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Emma Dumain covers House leadership for Roll Call. From September 2011 to May 2013, she covered Roll Call's campus beat, where she wrote about the administration of the House and Senate, legislative branch appropriations, the Capitol Police and oversight of the District of Columbia, along with the myriad issues affecting Capitol Hill staffers and congressional support agencies.
A 2007 summer intern at Roll Call, Emma joined the publication full time in fall 2011 from Congressional Quarterly. There, she was first an editorial assistant and then a reporter, covering legislation as it moved through Congress with a focus on legislative branch spending, ethics, oversight and the postal service.
Emma is a graduate of Oberlin College, where she was editor-in-chief of the Oberlin Review, the official student newspaper.
House Democrats voted unanimously last year for the appropriations bill to fund the Department of Veterans Affairs and related programs; this year, there could be considerable defections.
It’s the fourth high-profile episode in less than a year in which police have been involved in the death of a black man under questionable circumstances — this time in Baltimore, a short drive north of Washington, D.C.
In the second reporters’ briefing of his majority leader career, California Republican Kevin McCarthy offered a strong defense of the House GOP’s record in the first 100 days of the 114th Congress.
With the first round of appropriations bills and a possible budget conference report on the House floor this week, the chamber’s progressive contingent is looking farther down the road at the storm brewing over so-called Trade Promotion Authority, or “fast track.”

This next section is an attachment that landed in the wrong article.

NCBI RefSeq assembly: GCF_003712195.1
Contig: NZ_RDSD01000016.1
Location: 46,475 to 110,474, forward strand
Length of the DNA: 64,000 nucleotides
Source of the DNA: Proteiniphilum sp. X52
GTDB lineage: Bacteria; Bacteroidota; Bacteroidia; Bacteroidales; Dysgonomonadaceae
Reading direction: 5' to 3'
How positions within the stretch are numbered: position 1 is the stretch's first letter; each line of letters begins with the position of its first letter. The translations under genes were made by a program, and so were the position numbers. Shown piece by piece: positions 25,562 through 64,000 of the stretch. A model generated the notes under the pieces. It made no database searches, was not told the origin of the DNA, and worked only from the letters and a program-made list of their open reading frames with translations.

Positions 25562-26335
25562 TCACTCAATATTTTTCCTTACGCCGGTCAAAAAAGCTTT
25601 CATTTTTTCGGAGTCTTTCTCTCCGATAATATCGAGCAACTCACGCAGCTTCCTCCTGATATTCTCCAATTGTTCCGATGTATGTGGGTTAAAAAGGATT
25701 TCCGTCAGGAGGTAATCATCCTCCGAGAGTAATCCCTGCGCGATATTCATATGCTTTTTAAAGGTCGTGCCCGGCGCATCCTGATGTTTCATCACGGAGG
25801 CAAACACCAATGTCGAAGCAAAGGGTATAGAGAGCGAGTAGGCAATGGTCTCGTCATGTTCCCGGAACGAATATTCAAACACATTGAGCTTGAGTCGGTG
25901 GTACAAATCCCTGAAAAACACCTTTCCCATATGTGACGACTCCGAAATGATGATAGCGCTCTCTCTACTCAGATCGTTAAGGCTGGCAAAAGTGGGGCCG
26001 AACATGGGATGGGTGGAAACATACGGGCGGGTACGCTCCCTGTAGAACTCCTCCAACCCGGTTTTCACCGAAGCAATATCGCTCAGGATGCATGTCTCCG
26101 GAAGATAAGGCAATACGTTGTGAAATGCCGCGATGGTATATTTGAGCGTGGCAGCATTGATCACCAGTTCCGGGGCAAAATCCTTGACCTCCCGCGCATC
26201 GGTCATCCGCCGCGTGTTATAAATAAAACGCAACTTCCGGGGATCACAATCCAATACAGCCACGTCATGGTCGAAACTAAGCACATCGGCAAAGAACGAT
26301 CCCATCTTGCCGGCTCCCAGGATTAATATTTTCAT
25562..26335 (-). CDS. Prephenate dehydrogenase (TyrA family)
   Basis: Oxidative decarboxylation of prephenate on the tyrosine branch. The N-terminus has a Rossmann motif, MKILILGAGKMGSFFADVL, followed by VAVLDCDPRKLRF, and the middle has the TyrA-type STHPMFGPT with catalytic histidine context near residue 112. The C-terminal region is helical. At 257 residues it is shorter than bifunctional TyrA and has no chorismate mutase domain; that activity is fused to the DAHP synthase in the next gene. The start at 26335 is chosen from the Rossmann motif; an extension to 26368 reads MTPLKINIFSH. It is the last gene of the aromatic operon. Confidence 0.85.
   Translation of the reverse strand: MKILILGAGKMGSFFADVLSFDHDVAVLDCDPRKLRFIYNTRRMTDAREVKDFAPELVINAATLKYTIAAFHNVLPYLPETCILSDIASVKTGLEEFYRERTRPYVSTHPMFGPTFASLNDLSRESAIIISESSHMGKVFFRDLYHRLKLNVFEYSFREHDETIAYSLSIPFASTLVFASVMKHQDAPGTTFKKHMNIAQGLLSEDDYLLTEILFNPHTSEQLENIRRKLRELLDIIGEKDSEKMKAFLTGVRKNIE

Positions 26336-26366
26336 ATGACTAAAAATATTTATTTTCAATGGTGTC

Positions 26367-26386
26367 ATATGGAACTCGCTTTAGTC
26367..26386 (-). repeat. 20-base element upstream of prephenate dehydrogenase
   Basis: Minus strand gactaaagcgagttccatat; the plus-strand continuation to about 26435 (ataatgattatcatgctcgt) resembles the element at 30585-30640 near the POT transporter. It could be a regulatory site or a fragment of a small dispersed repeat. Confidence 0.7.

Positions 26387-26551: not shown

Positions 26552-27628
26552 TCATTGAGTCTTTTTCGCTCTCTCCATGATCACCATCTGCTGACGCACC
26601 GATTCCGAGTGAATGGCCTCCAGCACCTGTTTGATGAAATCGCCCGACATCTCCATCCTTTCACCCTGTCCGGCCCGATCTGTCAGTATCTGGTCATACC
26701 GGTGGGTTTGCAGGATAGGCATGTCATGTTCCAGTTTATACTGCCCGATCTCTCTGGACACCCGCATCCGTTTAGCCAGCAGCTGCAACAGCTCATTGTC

Ex-first lady, former Secretary of State and 2016 presidential candidate Hillary Rodham Clinton could be swinging by Capitol Hill before too long — but not to glad-hand with congressional Democrats, at least not exclusively.
House Minority Leader Nancy Pelosi pushed back against an emerging “fast-track” trade deal at her weekly news conference Thursday, calling the legislation a “pothole” and saying Republicans had a responsibility to work with Democrats to develop a better framework.
“[If] they have 218 Republican votes … I don’t think they’ll pay too much attention to many of our concerns. I don’t know if they have that,” Pelosi said. “If they don’t have 218 votes, we have a further opportunity to say, ‘Where are some areas that we can come together.’”
Sens. Orrin G. Hatch and Ron Wyden along with Rep. Paul D. Ryan negotiated the trade framework, which the Ways and Means Committee marked up earlier today after the Senate Finance Committee approved a similar measure 20-6 on Wednesday.
On Thursday, Take Your Child To Work Day became “Rep. Gerald E. Connolly Will Take Your Baby And Only Return It Upon Request” Day.
House leaders of both parties said Thursday they’re hopeful Congress could pass legislation giving President Barack Obama authority to negotiate his long-sought Trans-Pacific Partnership trade deal.